This is funny and sadly true, from rockmycar.net, written by San Diego journo Tom Chambers:
1) We can figure things out...We don’t take shit from anyone, so don’t lie to us or give a load of bullshit. We spend all day separating fact from fiction, listening to PR cronies and dealing with slimy politicians. If you make us do the same with you, you’re just gonna piss us off…
2) At some point, you will be a topic. Either through a feature story or an opinion column, something you do or say will be a subject. Get over it. Consider it a compliment, even if we’re arguing against you in print.
Think about it: we live our lives writing about life. If you’re a part of our life, we’re going to write about you, your thoughts or a subject springing from one of the two.
3) Yes, we think we’re smarter than you. In fact, we know it. Does that smack of ego? Absolutely — but that confidence is what makes your heart go pitter-patter…
Don’t be surprised if we’re not impressed when you say, “I’m a writer, too.” No, you are not. The fact that you sit in a coffee shop wearing black while scribbling in your journal does not make you a writer. Nor does the fact that you “wrote some poems in high school” or that one day you want to pen “the great American novel.”
Look, we’re paid to write. Every day…
4) You’re not less important than the job — the job is just more important than anything else. One doesn’t become a journalist to sit in an office from 9 to 5 Monday through Friday.
We do take our work home. If news is happening, we’ll drop whatever we’re doing — even if it’s with you — to cover it. We’re always looking for stories, so yes, we’ll stop on the street to write something down, interview a passer-by or gather information for a lead.
5) You won’t be disappointed. Journalists are intense, driven, passionate folk. We carry those same attributes into our relationships, making it an extremely fun ride well worth the price.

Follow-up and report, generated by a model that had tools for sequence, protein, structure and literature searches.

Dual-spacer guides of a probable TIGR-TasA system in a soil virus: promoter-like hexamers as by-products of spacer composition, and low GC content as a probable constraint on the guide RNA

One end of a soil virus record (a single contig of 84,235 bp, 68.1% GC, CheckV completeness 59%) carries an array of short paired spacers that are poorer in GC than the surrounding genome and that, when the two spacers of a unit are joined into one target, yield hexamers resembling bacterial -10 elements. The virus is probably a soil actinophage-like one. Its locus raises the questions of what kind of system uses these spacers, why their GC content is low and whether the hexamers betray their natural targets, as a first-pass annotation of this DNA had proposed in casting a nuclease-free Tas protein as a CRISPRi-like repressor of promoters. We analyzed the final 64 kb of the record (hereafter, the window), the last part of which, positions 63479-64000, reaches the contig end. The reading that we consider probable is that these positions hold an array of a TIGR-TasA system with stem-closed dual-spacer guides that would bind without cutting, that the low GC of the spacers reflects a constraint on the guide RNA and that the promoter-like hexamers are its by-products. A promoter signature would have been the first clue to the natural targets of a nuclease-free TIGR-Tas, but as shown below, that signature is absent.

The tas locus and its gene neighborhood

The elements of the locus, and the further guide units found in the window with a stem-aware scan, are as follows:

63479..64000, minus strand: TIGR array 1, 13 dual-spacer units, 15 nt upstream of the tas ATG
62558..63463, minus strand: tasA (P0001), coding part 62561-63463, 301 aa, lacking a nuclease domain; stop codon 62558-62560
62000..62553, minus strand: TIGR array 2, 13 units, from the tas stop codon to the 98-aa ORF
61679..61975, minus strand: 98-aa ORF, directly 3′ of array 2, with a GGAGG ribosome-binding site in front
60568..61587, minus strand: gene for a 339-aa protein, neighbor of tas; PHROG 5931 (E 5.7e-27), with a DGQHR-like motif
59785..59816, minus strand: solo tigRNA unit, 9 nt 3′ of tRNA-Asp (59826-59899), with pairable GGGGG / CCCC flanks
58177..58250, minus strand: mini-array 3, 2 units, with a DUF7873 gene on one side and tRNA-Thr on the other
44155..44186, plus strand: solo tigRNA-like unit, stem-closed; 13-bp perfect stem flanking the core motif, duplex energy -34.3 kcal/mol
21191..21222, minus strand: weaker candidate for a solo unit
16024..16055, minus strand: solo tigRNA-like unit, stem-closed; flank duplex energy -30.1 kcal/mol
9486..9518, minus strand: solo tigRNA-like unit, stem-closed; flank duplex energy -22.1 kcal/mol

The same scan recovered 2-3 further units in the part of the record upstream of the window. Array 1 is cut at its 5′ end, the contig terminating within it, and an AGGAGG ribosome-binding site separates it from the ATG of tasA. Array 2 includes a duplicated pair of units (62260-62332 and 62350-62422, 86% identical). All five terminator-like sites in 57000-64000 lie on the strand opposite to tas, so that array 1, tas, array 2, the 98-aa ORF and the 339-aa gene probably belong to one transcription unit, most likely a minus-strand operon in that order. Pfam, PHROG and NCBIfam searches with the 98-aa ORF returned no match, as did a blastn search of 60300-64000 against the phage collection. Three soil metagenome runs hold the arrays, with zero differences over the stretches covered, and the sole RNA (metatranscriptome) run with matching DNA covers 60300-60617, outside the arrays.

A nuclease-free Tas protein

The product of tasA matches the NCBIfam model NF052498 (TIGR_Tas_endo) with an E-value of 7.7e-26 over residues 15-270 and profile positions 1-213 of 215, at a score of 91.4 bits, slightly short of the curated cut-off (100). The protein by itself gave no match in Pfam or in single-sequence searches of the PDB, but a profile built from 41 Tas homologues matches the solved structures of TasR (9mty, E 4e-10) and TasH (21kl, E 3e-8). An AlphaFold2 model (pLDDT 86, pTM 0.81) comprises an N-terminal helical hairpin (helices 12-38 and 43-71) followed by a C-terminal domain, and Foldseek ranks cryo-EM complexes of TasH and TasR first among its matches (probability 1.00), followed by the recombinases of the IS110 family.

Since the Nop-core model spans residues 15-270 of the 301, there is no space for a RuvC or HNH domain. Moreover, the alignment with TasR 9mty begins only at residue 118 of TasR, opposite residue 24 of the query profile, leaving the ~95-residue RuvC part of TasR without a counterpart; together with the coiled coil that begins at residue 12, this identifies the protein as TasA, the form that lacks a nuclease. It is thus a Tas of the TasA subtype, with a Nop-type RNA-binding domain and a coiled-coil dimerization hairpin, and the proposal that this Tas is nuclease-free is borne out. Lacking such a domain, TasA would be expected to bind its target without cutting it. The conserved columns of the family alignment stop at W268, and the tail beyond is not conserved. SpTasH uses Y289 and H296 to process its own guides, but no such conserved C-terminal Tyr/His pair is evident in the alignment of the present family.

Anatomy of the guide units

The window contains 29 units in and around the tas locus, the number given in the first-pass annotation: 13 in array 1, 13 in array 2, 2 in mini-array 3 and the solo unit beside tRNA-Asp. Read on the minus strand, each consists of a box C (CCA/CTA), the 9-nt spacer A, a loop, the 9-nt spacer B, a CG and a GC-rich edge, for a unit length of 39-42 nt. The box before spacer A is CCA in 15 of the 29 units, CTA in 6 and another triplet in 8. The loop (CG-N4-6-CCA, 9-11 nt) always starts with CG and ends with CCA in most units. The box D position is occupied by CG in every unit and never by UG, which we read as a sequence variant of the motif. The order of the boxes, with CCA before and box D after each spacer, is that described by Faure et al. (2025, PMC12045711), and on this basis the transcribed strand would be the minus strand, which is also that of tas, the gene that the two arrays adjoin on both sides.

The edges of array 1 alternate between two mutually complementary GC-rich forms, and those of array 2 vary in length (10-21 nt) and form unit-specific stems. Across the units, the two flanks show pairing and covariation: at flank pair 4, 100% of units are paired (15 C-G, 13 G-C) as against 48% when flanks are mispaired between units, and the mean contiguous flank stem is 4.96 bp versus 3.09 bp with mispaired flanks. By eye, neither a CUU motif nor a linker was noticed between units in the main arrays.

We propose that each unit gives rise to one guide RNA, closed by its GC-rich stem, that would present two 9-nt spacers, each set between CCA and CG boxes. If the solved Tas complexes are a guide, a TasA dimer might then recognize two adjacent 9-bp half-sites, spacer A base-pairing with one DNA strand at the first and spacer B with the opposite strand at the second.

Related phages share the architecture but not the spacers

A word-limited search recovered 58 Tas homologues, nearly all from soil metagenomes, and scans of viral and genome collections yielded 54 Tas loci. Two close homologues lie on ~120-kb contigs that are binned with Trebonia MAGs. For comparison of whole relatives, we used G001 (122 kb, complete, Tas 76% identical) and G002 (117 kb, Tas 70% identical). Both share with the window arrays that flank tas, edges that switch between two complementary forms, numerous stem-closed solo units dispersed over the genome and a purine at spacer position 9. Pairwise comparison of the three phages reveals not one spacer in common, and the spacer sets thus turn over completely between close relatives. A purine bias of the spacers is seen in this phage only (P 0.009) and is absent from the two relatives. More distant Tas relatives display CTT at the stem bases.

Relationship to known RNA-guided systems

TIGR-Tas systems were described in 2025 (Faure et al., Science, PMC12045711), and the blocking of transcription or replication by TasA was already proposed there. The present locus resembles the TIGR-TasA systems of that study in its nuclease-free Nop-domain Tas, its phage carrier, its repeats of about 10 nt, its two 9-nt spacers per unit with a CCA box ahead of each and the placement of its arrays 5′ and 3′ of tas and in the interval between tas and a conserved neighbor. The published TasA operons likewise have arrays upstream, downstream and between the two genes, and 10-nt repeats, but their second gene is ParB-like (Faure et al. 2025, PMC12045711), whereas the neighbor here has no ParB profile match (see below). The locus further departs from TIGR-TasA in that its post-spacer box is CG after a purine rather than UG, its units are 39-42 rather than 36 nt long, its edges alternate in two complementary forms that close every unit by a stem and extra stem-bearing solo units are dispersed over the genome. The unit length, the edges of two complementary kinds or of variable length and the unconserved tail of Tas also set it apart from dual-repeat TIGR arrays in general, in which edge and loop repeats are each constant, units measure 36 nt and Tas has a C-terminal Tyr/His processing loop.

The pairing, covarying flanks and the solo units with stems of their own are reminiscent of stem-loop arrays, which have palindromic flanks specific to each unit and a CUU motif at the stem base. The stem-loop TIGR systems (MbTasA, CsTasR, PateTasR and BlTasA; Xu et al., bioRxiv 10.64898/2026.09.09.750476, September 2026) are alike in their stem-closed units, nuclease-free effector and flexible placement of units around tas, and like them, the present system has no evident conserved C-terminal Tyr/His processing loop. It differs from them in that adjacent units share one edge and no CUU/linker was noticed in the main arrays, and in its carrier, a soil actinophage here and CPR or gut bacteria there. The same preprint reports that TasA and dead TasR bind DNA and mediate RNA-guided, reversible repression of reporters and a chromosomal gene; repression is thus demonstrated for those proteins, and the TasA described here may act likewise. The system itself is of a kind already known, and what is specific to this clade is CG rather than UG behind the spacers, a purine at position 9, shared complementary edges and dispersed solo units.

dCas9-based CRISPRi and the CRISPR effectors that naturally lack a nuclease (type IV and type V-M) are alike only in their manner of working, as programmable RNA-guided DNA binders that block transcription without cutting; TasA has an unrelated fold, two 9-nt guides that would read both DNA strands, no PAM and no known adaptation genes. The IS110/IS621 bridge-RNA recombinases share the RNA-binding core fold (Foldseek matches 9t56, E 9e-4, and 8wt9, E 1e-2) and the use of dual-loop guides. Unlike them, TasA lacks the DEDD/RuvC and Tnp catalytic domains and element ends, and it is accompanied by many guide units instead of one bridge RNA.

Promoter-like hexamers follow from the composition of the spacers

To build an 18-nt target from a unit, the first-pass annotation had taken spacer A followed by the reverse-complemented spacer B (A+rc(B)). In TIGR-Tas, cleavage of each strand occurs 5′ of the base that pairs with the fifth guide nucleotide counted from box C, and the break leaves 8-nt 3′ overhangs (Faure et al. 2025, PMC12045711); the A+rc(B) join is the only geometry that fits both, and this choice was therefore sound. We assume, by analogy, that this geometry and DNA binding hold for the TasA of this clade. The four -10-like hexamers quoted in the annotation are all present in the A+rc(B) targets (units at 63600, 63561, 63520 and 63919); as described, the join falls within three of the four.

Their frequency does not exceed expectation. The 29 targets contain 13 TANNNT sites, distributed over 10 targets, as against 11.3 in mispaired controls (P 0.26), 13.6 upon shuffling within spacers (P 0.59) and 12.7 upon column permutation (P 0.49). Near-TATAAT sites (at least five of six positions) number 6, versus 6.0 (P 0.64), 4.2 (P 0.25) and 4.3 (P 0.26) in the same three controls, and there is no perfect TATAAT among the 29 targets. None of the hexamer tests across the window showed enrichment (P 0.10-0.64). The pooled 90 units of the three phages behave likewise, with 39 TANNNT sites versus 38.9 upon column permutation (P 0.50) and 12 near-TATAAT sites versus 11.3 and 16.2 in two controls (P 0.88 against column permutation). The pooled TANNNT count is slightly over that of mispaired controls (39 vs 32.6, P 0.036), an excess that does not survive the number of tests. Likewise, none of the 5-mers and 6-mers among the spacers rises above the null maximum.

Can’t say I’d argue with any of that.
My partner, like me, is a driven career journo. We started selling our work to national outlets while we were college freshmen, routinely wrecking dates and relationships by disappearing on assignment or into the darkroom. He’s slept under his newsroom desk. I’ve covered stories, in the winter, on crutches.”Gotta go!” means “Hang up now” and we don’t take it the least bit personally. When bombs go off in places like Islamabad or Baghdad, we sometimes worry about our friends and colleagues who, on their own adrenaline highs wearing Kevlar, are just doing their jobs.
You’re either crazy about this stuff or you get out pretty quickly.
These days, at night, a little light will flash at 1:43 a.m. or 3:26 a.m. on our respective bedside tables. It’s our Itouches blasting an AP news bulletin, which we then read and look at the photos and wonder who will cover it best.
And then we’ll go back to sleep. And, then, get up — eagerly still — and head off to make sense of it all, yet again.